There have been a handful of times in my life in which immediate death seemed all but confirmed. The worst instance was my last plane flight home – the nine-hour bullet from Shanghai to San Francisco. Anyone else who has done that flight knows that it entails nine hours of reconciling with the Maker. More recently, the ATM across the street has taken on the appearance of the grim reaper. I’m sure most Nanjingers can agree with me on this one.
Police are calling him a serial killer, connecting this murder to a previous seven in the cities of Chongqing and Changsha. There is admittedly no evidence to confirm his identity, and as such he has been loosely named “Close-Crop Man” (“平头男”). At about 40 years old, five-and-a-half feet tall, with a dark complexion, black clothes, Sichuan accent, and a sauntering (“split”) gait, he hardly stands out in a crowd. See the Chinese report here, or China Digital Times’ report here.
Given that you can only pay in cash in China, it was necessary for me to access the ATM a few days ago – five days after the last ATM murder. A girl friend accompanied me to that Construction Bank, all the while acknowledging that she would be useless if the armed killer showed up.
Having a skewed sense of reality lends to unwarranted confidence in the face of danger. This time, it inspired the opposite; my hands started to shake and desperately paw at the money dispenser. The serial killer had arrived: dressed in all black and advancing at a saunter, the middle-aged, stony-faced Han male with close-cropped hair was already shooting me dead with his fixated stare. I was instantly glad that I looked foreign. Also, I was only taking out 1000 RMB – hadn’t the last kill been for 20,000? I shoved the money into my wallet and zipped my purse elaborately. If he saw that the money was not handy, maybe he wouldn’t bother. I grabbed my friend and ran for the door, but the ATM security system had me beat: I would have to press the button next to the sliding glass door, just in front of the killer, to get out. I punched the release button and hustled past him, his eyes trailing us down the ramp.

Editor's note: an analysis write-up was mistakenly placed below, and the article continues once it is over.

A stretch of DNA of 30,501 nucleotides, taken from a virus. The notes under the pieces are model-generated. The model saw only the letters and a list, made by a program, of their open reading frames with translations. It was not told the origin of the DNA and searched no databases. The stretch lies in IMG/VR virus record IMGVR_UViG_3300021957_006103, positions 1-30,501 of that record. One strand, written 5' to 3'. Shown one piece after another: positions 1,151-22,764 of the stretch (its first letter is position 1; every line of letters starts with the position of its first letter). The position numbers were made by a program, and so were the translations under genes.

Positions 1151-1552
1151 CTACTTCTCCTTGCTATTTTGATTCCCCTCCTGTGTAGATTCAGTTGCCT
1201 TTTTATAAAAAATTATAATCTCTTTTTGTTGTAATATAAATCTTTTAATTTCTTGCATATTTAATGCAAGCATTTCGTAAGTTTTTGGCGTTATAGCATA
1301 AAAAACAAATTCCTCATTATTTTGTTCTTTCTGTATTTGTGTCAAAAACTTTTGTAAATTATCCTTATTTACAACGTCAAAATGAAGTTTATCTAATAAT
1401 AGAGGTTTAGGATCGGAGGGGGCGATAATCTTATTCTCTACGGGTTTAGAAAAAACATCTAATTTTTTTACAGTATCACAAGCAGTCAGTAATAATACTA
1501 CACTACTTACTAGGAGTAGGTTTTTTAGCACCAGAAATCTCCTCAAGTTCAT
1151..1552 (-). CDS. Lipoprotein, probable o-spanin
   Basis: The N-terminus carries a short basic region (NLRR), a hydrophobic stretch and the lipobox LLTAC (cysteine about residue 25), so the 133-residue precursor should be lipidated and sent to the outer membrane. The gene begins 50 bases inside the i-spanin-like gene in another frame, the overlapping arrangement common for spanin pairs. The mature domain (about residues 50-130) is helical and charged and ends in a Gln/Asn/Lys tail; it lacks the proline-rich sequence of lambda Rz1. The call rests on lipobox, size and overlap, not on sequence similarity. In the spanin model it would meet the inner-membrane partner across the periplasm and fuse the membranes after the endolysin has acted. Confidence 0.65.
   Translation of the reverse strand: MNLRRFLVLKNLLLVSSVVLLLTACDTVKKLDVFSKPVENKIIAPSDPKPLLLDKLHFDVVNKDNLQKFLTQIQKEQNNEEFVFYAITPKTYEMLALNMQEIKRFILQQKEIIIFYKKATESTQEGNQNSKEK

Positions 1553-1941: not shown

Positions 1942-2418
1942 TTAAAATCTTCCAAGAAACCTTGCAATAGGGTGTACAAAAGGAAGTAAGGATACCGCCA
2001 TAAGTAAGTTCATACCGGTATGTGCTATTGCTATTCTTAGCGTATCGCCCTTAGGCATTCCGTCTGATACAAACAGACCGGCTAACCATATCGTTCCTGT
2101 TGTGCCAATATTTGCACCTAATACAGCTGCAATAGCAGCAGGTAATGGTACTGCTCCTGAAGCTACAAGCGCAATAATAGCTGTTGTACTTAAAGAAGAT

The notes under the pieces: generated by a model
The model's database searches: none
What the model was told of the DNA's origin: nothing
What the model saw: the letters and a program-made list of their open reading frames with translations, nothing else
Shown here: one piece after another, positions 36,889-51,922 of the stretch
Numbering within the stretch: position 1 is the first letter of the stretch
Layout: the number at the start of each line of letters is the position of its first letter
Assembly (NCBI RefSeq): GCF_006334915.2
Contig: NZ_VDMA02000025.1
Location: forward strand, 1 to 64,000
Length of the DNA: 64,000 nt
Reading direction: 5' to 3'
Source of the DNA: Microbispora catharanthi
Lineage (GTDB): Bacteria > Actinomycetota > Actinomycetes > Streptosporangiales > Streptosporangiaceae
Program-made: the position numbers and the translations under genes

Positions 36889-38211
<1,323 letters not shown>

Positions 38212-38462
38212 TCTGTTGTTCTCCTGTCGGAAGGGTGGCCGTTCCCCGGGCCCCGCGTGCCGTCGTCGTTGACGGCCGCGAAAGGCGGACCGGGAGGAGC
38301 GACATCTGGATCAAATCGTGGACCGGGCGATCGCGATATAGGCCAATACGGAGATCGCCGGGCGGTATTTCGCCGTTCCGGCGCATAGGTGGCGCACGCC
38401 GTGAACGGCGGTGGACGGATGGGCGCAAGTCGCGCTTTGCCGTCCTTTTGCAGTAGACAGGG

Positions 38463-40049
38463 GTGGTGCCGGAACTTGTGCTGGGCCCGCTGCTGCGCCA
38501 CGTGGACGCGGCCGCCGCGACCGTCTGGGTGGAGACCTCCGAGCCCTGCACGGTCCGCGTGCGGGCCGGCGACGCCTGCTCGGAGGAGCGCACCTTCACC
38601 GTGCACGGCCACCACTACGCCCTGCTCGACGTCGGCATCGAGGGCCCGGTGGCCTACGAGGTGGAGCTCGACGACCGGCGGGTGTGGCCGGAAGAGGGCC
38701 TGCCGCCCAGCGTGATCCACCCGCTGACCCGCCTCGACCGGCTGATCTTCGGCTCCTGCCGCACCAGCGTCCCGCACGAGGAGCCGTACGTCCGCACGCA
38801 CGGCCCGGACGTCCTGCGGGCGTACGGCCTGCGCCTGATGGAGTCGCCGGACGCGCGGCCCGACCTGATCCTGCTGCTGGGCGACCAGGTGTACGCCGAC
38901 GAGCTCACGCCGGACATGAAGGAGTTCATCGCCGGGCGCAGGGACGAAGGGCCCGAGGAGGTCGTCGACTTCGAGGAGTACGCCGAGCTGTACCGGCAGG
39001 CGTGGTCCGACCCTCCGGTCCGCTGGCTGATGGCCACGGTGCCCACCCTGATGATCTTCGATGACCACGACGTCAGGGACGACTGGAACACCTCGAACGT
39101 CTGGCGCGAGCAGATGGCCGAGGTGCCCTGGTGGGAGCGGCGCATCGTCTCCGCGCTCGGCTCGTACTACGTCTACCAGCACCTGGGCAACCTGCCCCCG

It hadn’t even mattered that he was wearing a police uniform. In my moment of vulnerability, any middle-aged Han man in all black was the killer. What was otherwise very ordinary – a Chinese man staring at a pair of white females – in that moment was dooming. (Like I said, a skewed sense of reality can affect your sense of peril.) That a police man showed up should not have come as a surprise, given that downtown Nanjing has been swamped with armed policemen — a situation far more frightening to me than anything else. 好恐怖。。。！
My neighborhood is now plastered with Close-Crop Man’s face. I took my camera for a walk down Shanghai Street just to capture how inundated we now are with his presence.
Below, all the posters in each shot are circled in red.
Not that this inundation is necessarily a bad thing; in fact, it’s a good sign that such a huge effort has been made to alert the public. But we have now entered the storm of massive annual migration. As people stream out of the city to return home for the Chinese New Year, hush steals the streets of Nanjing. Netizen “pufei” succinctly poses the problem: “【Question】Why are the police, carrying assault rifles, still searching downtown Nanjing five days after the armed bank robbery? 【Answer】 The police are certain that the son of bitch can’t possibly get hold of a train ticket to leave Nanjing during the Chinese New Year season.”